Happy Saturday y'all! Below, I have rounded up some things for you to think about this weekend:
1. Undoubtedly the biggest news this week was a scandal involving Facebook. It turns out that the political consulting firm named Cambridge Analytica harvested private data from more than 50 million Facebook profiles—mostly without consent. That data was used by Donald Trump's presidential campaign in 2016 and has ties to Steve Bannon and GOP megadonor Robert Mercer (who recently donated $1 million to MAPS), which has raised ethical and potentially legal questions about the firm's business practices. The hashtag #deletefacebook became popular on Twitter shortly after this story broke, and users have been leaving Facebook left and right. If you are interested in securing your Facebook account, it would be worth your while to check out Wired's piece The Complete Guide to Facebook Privacy, which has practical steps you can take to ensure that your account is as private as possible. However, you could also consider deleting your account entirely if you prefer. Just remember that even if you delete your Facebook account, the company may still be able to collect your data through its other apps—WhatsApp and Instagram. And plenty of other companies and websites are capable of collecting your information, anyway. Remember that if you're not paying for a product with money, you're almost always paying for it with something else. In this case it happens to be potentially sensitive private data.
2. Similar to the plot of an episode from Black Mirror's third season, China is expected to start banning citizens with a low "social credit" score from buying plane or train tickets for up to a year. This change will go into effect in May, and the social credit system will rate people based on criminal history, financial misdeeds, and what they purchase, say, and do. Citizens who receive a low score will face a variety of penalties; this travel restriction being one of the first to be announced. Hopefully this practice won't spread to other countries around the world, but we'll just have to wait and see.
3. One of Uber's self-driving cars struck and killed a woman in Arizona this week, which was the first time a pedestrian has died in connection with an autonomous vehicle. It still isn't quite clear how this happened, but some reports are saying that the woman walked across the road directly in front of the car—outside of the designated crosswalk and from the shadows—and that neither the vehicle's sensors nor the backup human driver were able to detect that she was there because it was nighttime. In other words, it sounds like this may have been the pedestrian's fault, not flaky software. However, even if Uber is to blame, the motivation for our society to transition to using autonomous vehicles is that they will be demonstrably better than human drivers—not 100% perfect. In my opinion, if self-driving cars are able to reduce car crash deaths by a significant amount then they should be considered a success.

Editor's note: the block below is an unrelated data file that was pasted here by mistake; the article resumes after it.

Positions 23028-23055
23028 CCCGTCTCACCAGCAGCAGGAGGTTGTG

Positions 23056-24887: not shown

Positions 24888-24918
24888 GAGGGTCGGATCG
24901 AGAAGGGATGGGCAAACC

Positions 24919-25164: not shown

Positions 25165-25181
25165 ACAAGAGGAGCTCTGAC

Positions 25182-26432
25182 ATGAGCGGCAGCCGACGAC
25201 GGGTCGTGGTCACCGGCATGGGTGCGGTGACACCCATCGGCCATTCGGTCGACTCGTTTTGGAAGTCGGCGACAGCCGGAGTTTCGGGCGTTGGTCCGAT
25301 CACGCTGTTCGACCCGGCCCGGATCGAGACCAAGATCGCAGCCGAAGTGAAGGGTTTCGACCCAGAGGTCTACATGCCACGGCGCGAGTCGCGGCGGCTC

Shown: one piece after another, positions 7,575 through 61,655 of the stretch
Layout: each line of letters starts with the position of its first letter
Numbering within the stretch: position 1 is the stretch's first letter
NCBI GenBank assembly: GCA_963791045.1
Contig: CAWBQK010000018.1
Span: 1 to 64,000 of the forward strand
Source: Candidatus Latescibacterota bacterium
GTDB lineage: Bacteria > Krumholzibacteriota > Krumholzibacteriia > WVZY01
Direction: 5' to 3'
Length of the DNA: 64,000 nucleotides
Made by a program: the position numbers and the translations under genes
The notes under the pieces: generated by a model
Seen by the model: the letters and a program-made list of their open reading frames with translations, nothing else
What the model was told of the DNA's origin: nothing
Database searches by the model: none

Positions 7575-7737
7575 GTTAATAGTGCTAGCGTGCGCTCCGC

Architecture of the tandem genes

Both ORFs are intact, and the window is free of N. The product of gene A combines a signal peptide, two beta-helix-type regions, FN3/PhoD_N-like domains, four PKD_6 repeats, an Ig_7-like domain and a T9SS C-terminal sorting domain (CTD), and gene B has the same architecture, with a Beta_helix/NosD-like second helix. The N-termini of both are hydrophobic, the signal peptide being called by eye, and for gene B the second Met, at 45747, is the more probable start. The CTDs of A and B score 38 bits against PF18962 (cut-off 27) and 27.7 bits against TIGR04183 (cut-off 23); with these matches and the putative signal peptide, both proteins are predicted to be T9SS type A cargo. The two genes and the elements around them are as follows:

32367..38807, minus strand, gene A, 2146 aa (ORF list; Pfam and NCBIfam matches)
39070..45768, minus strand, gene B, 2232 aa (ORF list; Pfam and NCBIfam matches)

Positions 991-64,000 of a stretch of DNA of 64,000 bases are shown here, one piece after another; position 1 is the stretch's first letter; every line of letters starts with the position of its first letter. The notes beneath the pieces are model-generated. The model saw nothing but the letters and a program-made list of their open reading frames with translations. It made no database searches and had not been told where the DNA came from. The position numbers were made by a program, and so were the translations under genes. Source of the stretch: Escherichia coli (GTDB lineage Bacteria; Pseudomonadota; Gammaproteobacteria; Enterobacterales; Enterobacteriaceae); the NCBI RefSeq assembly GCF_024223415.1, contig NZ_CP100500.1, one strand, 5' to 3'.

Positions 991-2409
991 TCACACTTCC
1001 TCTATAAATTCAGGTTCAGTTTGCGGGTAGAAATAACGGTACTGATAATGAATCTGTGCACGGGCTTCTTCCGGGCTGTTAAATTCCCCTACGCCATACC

4. Police in my hometown (Raleigh, North Carolina) recently obtained search warrants in order to ask Google to hand over data the company has about devices that were close to crime scenes at the time that the crime occurred. This is a new type of request, because the police are not looking for data related to specific users. Rather, they are asking to have the information about every mobile device within close proximity to the crime scene during the time that the crime occurred. And before. And after, as well—just for good measure. The data would be anonymized before the police get their hands on it, but it's creepy to think that our devices are continuously leaving breadcrumbs that could be used by police (or people with nefarious intent) to learn more about where we have been and where we might be going to next.
That's all for this week's edition of Weekend Thoughts. Until next week, keep thinking wilder.